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  2. Joffrey Baratheon doesn't really fit the annoying kid trope. He's evil, and his brattiness just makes him more pathetic and hateable. He also qualifies as an adult (perhaps not in the books, but the characters are aged up in the show), whose arranged marriage was held up by the youth of his intended bride.

    My understanding is that the annoying kid on "Leave it to Beaver" was Eddie Haskell.

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  3. Your bit about Seinfeld reminded me of its evil twin: Friends. It represented the worst of sitcom cliches, but it also focused on childless yuppies. As did the Cheers spinoff, Frasier. The lord of awful sitcom cliches nowadays is Chuck Lorre, and while Two and a Half Men does have the titular kid, I don't think Big Bang Theory or Mike & Molly does, nor did Dharma & Greg. Looking at modern single-camera sitcoms, 30 Rock was and Brooklyn Nine Nine is pretty good as a workplace sitcom (I don't think the Office had kids either, but I didn't watch that). Arrested Development & Louie were/are good and contained kids, but they're not really annoying.

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  4. Only slightly related, but what about Justin Bieber?

    Seems like a bratty child.

    It's amazing to me how many grown adults are focused on him and his on/off GF Selena Gomez. Both of them are now adults, but they come across as emotionally physically immature.

    I think they might fit into your observations.

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  5. Yeah, I do seem to see TGGP's observations here as more fitting to reality than agnostic's here.

    Not too familiar with American television pre-late 1980s, but looking at your lists, seems like there's a lot of annoying family focused sitcoms in the mid-late 1980s (1985) and then early 1990s.

    Family Ties, Kate & Allie, Cosby Show, Who's the Boss, Growing Pains, all by the mid 1980s, then Roseanne and Wonder Years by late 1980s, the less popular Family Matters and Full House and more popular Home Improvement and Grace Under Fire in the earty 1990s.

    Then when you're back to the late 1990s, the family sitcoms have disappeared again in favor of groups of adults, other than the Everybody Loves Raymond show in which the kids aren't real characters. 1996 seems representative

    http://www.classictvhits.com/tvratings/1996.htm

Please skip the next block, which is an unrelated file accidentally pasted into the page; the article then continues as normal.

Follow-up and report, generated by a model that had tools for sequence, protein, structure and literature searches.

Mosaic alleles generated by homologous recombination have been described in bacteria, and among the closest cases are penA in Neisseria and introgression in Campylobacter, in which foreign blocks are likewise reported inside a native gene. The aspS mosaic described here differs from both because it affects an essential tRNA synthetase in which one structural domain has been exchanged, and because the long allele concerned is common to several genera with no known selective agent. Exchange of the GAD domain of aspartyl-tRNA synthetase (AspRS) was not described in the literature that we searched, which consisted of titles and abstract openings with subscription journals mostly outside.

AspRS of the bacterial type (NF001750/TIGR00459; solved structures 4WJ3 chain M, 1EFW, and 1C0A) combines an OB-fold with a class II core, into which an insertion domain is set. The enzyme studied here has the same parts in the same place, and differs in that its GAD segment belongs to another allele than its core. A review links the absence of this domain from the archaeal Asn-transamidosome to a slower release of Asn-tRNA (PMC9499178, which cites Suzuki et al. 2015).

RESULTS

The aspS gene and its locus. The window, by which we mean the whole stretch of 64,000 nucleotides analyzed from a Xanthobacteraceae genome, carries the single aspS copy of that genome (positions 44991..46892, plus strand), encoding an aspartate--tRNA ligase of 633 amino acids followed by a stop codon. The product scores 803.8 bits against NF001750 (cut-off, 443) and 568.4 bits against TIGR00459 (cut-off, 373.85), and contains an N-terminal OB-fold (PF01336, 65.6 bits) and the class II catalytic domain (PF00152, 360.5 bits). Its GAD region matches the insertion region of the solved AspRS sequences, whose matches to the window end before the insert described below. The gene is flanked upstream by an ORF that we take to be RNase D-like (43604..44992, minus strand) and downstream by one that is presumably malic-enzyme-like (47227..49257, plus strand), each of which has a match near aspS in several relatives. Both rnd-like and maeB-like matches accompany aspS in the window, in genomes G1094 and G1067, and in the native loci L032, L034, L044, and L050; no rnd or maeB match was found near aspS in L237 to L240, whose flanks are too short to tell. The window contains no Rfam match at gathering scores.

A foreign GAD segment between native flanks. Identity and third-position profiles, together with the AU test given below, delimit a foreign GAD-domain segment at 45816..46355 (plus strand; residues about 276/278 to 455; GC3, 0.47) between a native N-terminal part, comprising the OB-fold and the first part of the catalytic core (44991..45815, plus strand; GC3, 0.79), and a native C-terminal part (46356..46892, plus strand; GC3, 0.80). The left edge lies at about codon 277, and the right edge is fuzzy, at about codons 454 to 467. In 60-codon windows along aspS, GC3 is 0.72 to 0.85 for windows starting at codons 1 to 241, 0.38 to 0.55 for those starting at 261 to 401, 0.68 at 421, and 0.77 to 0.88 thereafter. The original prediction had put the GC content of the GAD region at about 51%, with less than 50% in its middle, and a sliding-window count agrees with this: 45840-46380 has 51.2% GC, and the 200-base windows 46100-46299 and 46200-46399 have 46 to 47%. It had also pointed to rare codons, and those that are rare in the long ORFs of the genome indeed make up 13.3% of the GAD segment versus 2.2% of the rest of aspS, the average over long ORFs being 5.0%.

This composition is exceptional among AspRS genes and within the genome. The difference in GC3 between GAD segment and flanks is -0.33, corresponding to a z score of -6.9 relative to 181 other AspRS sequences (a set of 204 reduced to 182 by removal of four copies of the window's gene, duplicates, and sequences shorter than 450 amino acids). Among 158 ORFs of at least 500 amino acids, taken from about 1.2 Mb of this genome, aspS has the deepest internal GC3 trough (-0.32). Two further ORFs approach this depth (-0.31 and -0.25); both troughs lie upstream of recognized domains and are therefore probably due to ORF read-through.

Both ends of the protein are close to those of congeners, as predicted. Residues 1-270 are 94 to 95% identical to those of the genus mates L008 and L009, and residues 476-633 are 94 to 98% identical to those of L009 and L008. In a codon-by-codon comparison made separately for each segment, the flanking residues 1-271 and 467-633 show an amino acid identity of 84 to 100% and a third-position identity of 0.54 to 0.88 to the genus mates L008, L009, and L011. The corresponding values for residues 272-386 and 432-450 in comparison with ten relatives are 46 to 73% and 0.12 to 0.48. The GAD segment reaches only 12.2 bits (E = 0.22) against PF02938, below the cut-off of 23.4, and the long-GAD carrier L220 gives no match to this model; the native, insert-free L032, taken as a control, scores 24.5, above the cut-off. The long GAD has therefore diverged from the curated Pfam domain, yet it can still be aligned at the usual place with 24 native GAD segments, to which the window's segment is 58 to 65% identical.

Seems like the same story in film. You've got your Home Alones and your Problem Childs and your Bart Simpsons and your annoying Dennis the Menace reboot pretty much around 1990 (at the very end of rising murder rates), then not so much after.

    Doesn't really seem to fit a pattern where this stuff is more prominent in the early phase of a falling murder cycle than the late phase of a rising murder cycle. Maybe you could kind of build a theory where late high murder rate period people have a kind of self conscious focusing on family subjects to get out of the risk taking, sociable, young adult focused personality patterns they were previously...? Seems a bit tenuous.

    What do the lists look like from the 2000s on? Present day top 20s seem mostly like mixes of "reality" / "talent" and cop / detective (there are some shows with a kid on there, but they don't really make the top 10).

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  6. Guys like Bieber and Brown being popular among teen girls despite being base scumbags who aren't even cool seems like it might come from today's normal "boy crazy" girls being

    - shallower about looks over personality in our era (so they are willing to excuse his tarded behavior and lack of genuine charisma), due to less social experience. It's hard to really get how good being close to and understanding someone really feels if you're rarely in that situation, unlike image.

    - and longer rising inequality normalizing contemptuous, status conscious, dismissive behavior by "stars". although this is harder to read, because stars in a much more status competitive market where they're commodities probably pander more and whore themselves out more as well. either way there's less of a naturalistic, spontaneous egalitarian relationship between them and others.

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  7. "Home Alones"

    The first Home Alone is def. a product of the rising crime rate. Afterall, the plot is that some criminals case a friendly suburban neighborhood to burglarize one of the houses while the owners are on vacation.